Assessing the role of different spatial frequencies in word perception by good and poor readers.
2005 (English)In: Memory & Cognition, ISSN 0090-502X, Vol. 33, no 6, 961-971 p.Article in journal (Refereed) Published
Numerous studies indicate that dyslexic and nondyslexic individuals exhibit different patterns of sensitivity to spatial frequency. However, the extension of this effect to normal (nondyslexic) adults of good and poor reading abilities and the role played by different spatial frequencies in word perception have yet to be determined. In this study, using normal (nondyslexic) adults, we assessed reading ability, spatial frequency sensitivity, and perception of spatially filtered words and nonwords (using a two alternative forced choice paradigm to avoid artifactual influences of nonperceptual guesswork). Good and poor readers showed different patterns of spatial frequency sensitivity. However, no differences in accuracy of word and nonword perception were found between good and poor readers, despite their differences in spatial frequency sensitivity. Indeed, both reading abilities showed the same superior perceptibility for spatially filtered words over nonwords across different spatial frequency bands. These findings indicate that spatial frequency sensitivity differences extend to normal (nondyslexic) adult readers and that a range of spatial frequencies can be used for word perception by good and poor readers. However, spatial frequency sensitivity may not accurately reveal an individual's ability to perceive words.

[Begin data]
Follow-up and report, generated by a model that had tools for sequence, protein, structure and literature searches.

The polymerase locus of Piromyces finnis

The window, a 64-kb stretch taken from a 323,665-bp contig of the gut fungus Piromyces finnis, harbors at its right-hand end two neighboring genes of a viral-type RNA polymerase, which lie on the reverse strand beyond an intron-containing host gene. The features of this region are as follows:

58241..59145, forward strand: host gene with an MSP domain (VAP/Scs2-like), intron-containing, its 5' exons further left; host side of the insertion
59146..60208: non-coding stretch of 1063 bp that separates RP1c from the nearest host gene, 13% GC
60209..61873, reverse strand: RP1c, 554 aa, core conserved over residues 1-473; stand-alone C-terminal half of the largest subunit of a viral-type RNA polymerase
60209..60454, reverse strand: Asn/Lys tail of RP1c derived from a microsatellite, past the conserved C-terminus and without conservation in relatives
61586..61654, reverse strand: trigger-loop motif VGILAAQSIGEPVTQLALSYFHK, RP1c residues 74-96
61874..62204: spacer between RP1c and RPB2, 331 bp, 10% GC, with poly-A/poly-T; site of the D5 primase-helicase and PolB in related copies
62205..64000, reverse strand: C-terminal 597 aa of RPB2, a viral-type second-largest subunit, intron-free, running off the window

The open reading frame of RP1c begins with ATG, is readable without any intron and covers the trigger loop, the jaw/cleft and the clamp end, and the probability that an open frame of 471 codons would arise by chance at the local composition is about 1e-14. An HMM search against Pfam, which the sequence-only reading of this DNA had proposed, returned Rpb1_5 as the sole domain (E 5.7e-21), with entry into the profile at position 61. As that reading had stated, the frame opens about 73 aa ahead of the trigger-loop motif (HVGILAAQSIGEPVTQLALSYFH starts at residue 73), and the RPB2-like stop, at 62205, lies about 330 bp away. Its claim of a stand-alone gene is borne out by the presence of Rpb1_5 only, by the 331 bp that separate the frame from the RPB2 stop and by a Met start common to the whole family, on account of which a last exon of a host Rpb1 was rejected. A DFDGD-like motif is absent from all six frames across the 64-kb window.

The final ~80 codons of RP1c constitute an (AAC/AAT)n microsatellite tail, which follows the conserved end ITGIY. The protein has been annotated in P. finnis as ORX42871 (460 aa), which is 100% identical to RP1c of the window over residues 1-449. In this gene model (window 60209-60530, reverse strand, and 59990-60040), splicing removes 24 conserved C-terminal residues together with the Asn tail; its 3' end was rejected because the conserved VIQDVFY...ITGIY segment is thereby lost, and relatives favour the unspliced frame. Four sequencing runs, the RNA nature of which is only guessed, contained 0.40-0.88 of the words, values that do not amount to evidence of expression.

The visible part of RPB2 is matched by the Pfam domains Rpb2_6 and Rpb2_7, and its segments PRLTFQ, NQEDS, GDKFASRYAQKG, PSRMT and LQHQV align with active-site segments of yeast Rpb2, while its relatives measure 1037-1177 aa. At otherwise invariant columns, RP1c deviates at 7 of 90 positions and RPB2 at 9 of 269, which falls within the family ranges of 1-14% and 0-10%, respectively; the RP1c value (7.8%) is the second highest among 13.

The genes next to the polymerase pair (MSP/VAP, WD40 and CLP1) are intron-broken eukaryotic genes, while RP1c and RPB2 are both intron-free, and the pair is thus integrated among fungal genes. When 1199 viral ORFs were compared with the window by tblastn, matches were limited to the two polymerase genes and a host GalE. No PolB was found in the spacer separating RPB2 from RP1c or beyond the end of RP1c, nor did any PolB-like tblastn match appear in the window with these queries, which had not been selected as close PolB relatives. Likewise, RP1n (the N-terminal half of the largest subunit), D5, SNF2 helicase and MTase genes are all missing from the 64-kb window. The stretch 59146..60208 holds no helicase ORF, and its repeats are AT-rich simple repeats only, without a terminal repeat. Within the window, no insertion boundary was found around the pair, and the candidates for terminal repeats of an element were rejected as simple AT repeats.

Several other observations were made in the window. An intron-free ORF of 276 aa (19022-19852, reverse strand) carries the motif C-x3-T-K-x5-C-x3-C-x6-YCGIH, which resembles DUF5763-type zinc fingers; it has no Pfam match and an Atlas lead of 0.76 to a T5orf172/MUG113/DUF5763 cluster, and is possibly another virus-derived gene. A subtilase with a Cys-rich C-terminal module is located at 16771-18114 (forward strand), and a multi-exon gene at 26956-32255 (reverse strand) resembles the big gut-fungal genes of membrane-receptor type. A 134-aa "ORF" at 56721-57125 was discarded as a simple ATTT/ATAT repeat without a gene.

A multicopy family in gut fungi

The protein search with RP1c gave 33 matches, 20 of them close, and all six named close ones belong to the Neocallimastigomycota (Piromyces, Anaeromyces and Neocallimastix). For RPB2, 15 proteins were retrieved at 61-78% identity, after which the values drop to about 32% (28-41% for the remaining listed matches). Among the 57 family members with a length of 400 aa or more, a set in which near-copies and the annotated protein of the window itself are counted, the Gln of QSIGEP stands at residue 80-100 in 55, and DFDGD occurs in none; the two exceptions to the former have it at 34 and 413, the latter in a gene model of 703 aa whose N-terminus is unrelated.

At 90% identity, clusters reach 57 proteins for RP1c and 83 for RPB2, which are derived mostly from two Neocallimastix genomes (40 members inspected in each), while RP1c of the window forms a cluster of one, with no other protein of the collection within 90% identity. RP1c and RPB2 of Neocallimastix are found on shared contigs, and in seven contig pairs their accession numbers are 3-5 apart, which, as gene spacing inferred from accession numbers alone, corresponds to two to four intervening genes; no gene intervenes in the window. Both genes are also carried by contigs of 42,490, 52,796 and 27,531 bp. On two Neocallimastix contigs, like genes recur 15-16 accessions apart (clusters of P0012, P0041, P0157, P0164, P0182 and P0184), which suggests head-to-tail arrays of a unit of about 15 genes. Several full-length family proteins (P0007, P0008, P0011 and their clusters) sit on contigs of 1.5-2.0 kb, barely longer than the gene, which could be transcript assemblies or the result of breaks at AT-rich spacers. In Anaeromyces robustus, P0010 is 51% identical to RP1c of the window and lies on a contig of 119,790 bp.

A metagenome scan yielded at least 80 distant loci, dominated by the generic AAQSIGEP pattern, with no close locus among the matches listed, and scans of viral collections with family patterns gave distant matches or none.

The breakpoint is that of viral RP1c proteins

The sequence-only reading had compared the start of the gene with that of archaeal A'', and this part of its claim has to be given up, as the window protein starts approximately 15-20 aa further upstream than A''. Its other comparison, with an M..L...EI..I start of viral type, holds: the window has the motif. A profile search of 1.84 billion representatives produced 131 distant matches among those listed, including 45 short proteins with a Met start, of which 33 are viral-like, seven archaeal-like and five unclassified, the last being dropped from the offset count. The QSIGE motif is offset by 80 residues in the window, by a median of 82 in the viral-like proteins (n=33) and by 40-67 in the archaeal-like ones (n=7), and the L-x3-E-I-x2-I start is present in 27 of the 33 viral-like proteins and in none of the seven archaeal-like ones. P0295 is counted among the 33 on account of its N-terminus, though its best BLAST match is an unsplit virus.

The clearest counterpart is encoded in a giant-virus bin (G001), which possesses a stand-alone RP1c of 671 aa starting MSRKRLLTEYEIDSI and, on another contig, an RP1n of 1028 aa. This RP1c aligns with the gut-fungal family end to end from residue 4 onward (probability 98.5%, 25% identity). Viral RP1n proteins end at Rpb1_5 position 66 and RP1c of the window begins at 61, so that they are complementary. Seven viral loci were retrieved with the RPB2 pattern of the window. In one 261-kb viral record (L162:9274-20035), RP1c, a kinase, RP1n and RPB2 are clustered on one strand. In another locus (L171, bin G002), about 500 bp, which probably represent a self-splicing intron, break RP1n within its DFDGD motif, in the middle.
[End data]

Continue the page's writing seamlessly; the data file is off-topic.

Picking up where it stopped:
Place, publisher, year, edition, pages
2005. Vol. 33, no 6, 961-971 p.
spatial frequencies, reading abilities, word perception
IdentifiersURN: urn:nbn:se:su:diva-13526OAI: oai:DiVA.org:su-13526DiVA: diva2:180046